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Green Mountain moves coffee buying to Switzerland, following rivals

Vermont-based coffee roaster and brewing technology maker Keurig Green Mountain will move most of its U.S. coffee buying operation to Switzerland, following rivals who have already moved to the global hub for commodities trading.

Moving purchasing from Vermont to French-speaking Lausanne, Switzerland, will establish the largest U.S. coffee retailer by value as a "global beverage player," a Green Mountain spokeswoman told Reuters.

This fall, Green Mountain formed a new corporate entity in Switzerland, called Keurig Trading. It expects to move a group of buyers currently in the United States to its new Swiss entity in Spring 2015, the spokeswoman said.

"The core of our green bean coffee procurement for our global manufacturing operations will take place in Switzerland, " said the spokeswoman.

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Procurement operations in Canada will not be affected.

With its favorable tax regime and convenient location for global trade, Switzerland is home to some of the world's biggest commodity merchants, including Glencore and Trafigura.

The spokeswoman would not comment on whether low taxes were a factor in the decision to move to Switzerland and would not provide "any forward-looking statements regarding impact to tax rates. "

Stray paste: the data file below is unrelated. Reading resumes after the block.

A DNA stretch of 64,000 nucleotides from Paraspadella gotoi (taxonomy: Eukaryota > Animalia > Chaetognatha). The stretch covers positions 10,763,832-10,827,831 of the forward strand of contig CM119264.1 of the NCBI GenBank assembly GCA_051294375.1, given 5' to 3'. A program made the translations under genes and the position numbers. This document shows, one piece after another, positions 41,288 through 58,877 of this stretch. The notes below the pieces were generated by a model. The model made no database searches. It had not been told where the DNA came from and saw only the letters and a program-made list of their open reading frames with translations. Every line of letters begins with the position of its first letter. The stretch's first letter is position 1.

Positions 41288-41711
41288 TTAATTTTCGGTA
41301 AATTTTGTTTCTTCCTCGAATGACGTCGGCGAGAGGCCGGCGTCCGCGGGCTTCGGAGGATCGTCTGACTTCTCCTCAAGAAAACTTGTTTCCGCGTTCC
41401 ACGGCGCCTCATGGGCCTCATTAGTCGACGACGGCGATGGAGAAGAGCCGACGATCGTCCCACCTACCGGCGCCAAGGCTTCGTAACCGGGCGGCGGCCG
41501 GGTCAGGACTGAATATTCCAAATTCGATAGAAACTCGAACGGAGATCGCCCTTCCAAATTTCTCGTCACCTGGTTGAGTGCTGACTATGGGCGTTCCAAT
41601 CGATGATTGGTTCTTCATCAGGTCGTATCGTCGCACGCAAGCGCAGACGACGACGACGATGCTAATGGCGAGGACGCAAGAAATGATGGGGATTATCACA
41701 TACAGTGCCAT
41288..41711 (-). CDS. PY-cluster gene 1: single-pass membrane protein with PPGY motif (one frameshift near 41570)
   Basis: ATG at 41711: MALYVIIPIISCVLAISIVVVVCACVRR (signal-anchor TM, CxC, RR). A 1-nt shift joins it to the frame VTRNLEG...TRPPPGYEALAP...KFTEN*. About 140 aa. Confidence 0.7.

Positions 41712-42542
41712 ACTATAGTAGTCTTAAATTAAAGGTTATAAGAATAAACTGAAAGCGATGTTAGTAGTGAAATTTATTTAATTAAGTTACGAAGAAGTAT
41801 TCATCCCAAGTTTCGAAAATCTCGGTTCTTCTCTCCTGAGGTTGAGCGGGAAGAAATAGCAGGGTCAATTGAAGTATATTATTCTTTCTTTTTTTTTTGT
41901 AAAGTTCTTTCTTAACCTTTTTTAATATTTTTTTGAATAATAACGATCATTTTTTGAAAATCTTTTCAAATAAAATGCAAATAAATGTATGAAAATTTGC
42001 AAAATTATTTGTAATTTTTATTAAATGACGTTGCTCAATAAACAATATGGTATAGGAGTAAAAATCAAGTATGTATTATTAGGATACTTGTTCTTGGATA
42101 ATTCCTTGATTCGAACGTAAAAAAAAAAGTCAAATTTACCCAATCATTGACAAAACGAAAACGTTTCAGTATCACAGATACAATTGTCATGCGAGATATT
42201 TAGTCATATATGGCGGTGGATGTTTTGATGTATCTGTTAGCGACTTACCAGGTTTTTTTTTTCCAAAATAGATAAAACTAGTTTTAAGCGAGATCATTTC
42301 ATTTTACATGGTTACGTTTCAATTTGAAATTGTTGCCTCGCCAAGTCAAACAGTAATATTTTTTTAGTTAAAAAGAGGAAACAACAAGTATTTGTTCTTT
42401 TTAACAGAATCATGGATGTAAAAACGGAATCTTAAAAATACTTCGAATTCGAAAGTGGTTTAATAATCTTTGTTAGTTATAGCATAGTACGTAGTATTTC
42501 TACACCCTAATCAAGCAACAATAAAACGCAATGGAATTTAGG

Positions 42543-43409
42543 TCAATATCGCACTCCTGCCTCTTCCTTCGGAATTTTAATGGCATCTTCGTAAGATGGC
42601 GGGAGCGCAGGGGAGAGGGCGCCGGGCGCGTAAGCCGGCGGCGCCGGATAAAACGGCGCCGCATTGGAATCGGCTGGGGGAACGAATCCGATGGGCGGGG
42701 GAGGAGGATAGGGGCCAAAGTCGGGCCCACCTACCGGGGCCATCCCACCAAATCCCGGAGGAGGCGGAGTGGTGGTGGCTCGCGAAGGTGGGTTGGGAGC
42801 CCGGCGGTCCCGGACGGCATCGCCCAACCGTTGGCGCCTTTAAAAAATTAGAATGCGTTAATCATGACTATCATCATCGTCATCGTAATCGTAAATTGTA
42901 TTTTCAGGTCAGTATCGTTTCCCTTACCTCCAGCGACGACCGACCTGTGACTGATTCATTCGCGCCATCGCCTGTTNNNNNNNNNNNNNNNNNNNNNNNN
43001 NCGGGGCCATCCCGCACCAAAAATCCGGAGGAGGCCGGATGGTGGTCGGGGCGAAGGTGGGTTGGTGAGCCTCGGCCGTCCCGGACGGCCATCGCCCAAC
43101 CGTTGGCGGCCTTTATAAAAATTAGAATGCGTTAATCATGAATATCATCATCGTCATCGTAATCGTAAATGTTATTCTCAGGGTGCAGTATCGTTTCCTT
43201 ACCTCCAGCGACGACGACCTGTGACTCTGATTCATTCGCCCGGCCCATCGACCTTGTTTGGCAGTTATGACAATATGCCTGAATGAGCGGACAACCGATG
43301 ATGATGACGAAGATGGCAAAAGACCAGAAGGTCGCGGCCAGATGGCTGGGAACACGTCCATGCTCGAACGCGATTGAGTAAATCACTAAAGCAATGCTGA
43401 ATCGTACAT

Other major coffee houses, including U.S.-based Mondelez International, Israel-based Strauss Coffee and Swiss-based Nestle have buying operations in Switzerland.

In Lausanne, in the canton of Vaud, Green Mountain will join Starbucks, which moved there more than a decade ago.

Starbucks is currently being investigated by the European Commission over a tax deal with the Netherlands related to its Swiss affiliate.

Green Mountain became the largest coffee retailer by value in the United States in 2013, leading J.M. Smucker, Starbucks and Kraft, according to data from market research firm Euromonitor.

Smucker, the maker of Folgers, remained the leader in sales volume, but Green Mountain led the industry in sales volume growth, at 33 percent.

The rising popularity of its single-serve K-Cup technology, bolstered by new licensing agreements with other brands, is helping it gain sales market share, market participants said.

Keurig Green Mountain shares have risen 80 percent so far this year and were trading at $136.28 by Friday's market close. In May, Coca-Cola became the largest shareholder in the company, acquiring a 16 percent stake.